Originally published Feb. 1, 2022 in the Braham Journal.
By Hope Murray
Since the start of the pandemic, teachers and school social workers have been contending with questions surrounding the mental health of students. Such is the case at Braham Area
Schools, where the counseling department has seen an increase in students with anxiety and depression, and with difficulty managing those emotions.
But Jonelle Klemz, school social worker, is doing some “amazing things at Braham Elementary to proactively address student’s mental health.”
In the spring of 2021, the Grandy Lions Club awarded the district a grant to purchase Interactive Health Technology heart rate monitors, developed by IHT Spirit System. Klemz is using the monitors to show students the link between their heart rates, breathing, and their physical and emotional health.
“When I went to the (Grandy) Lions and I gave them my presentation, I was asking for one set; they come in sets of 28,” Klemz said. “But after the presentation, the Lions agreed to pay for two more, so I have enough for (students in) a classroom and a half.”
Each morning, one classroom of students in grades first through sixth has the opportunity to strap a “bomber band,” as Klemz calls them, on their wrists and wear them throughout the day. At the start of the school day, she gives students a lesson on social-emotional health. Finally, at the end of the school day, Klemz meets with each individual student to discuss the data the heart monitors collected.
“I want them to see how their breathing affects their stress levels,” Klemz said. “It’s not enough for me to just tell them that controlling their breathing will make themselves feel better; I can show them through the data.”
Each student is able to get a visual representation of their heart rates, and students can see from the data when they were exerting themselves physically or if their stress levels were high prior to a test. The bands also change colors as heart rates begin to spike, offering a visual representation of a student’s exertion or heightened emotion.
When the bomber band shows a blue color, it means the student’s heart is at a normal rate, such as when they are doing low-impact activities such as yoga or if their mood is calm, tired or even sad. Yellow
indicates that their heart rates are becoming elevated, such as when they are doing an easy jog or they are feeling excited, nervous or embarrassed. When a student’s band reads red, their heart rate is high, demonstrating that they are playing soccer or having a brisk run in PE class. However, the red zone can also be a warning sign for a student who is beginning to feel angry or terrified.
Klemz’s classroom lessons involve giving students methods to slow their breathing, lower their heart rates and regulate their heightened emotions. The student can use the tools Klemz is teaching to calm
themselves, whether through deep breathing exercises or taking a walk around the hallway, and they can see the band’s color go from red to yellow and finally to blue.
Having students take control of their social emotional health and try to de-escalate themselves before they become too anxious is paramount these days, Klemz said. Since the start of the pandemic in 2020,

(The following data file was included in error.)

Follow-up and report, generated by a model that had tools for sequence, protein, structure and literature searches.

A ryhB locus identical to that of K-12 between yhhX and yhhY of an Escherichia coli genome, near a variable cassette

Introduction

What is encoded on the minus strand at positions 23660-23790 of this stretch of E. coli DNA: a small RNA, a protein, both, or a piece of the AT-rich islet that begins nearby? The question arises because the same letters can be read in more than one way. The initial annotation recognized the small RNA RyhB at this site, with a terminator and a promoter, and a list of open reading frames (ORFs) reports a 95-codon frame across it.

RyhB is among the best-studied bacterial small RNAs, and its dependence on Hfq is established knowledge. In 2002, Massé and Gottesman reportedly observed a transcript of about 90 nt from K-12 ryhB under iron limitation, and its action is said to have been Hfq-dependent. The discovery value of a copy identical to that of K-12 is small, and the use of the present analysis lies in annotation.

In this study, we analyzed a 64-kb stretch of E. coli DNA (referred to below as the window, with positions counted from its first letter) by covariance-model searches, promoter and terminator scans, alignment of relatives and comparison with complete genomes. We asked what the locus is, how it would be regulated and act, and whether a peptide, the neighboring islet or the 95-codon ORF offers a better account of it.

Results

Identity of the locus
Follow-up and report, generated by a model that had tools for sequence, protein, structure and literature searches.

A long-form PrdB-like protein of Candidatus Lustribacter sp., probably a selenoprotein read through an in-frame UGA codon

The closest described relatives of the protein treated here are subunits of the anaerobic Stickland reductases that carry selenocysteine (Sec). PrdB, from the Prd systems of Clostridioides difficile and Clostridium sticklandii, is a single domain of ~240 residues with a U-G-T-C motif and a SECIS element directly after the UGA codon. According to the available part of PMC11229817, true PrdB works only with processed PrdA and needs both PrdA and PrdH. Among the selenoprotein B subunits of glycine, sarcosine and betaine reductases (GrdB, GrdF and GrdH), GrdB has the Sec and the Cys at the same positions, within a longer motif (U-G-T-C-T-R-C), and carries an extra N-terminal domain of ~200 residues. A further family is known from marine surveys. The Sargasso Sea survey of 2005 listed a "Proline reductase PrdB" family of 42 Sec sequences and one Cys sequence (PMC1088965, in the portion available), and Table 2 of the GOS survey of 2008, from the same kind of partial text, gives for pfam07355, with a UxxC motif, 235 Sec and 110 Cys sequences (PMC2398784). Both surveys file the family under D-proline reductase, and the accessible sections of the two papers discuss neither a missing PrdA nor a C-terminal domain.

the Braham Schools Counseling Department has seen an increase in referrals at all grade levels with anxiety, depression and managing emotions, she said.
“I believe (the rise in referrals) is due to all of society experiencing these same issues as we continue to deal with the stress of a pandemic,” she added.
It was a news story on NBC’s Today show that first caught Klemz’s attention. The story showed how the heart monitors worked, and illustrated how they can be used in the classroom. Klemz was drawn to the information on studies from the American Psychological Association that showed that kids who better handle their emotions do better in school and are better able to cope with daily stresses without their resorting to anger, outbursts or even stress eating.
“We have students not only dealing with a pandemic but with health issues in the family, divorce, poverty,” Klemz said.
IHT seemed like a perfect fit for her students in the Braham district, and she wanted them to start young since small children are still developing and can adapt better to learning what are, essentially, lifelong skills. She has received nothing but raves from school administration and classroom teachers.
“I love when I am leaving a classroom (at the end of the day) and the teacher and students continue to discuss what they are learning about regulating themselves,” Klemz said.
Her hope is that students learn not only the methods to calm themselves when they become anxious but also to communicate when they are bothered by something that may be triggering them. She wants them to have these skills, especially because as they get older, they will have to contend with juggling school work, extracurriculars, employment and the increase of social media activities, which can often accelerate anxiety and depression in kids.
The goal is for students to be able to regulate their heart rates and breathing without relying on the band. As they “get to know themselves better,” Kremz said, they “learn to manage their emotions and ultimately feel happier.”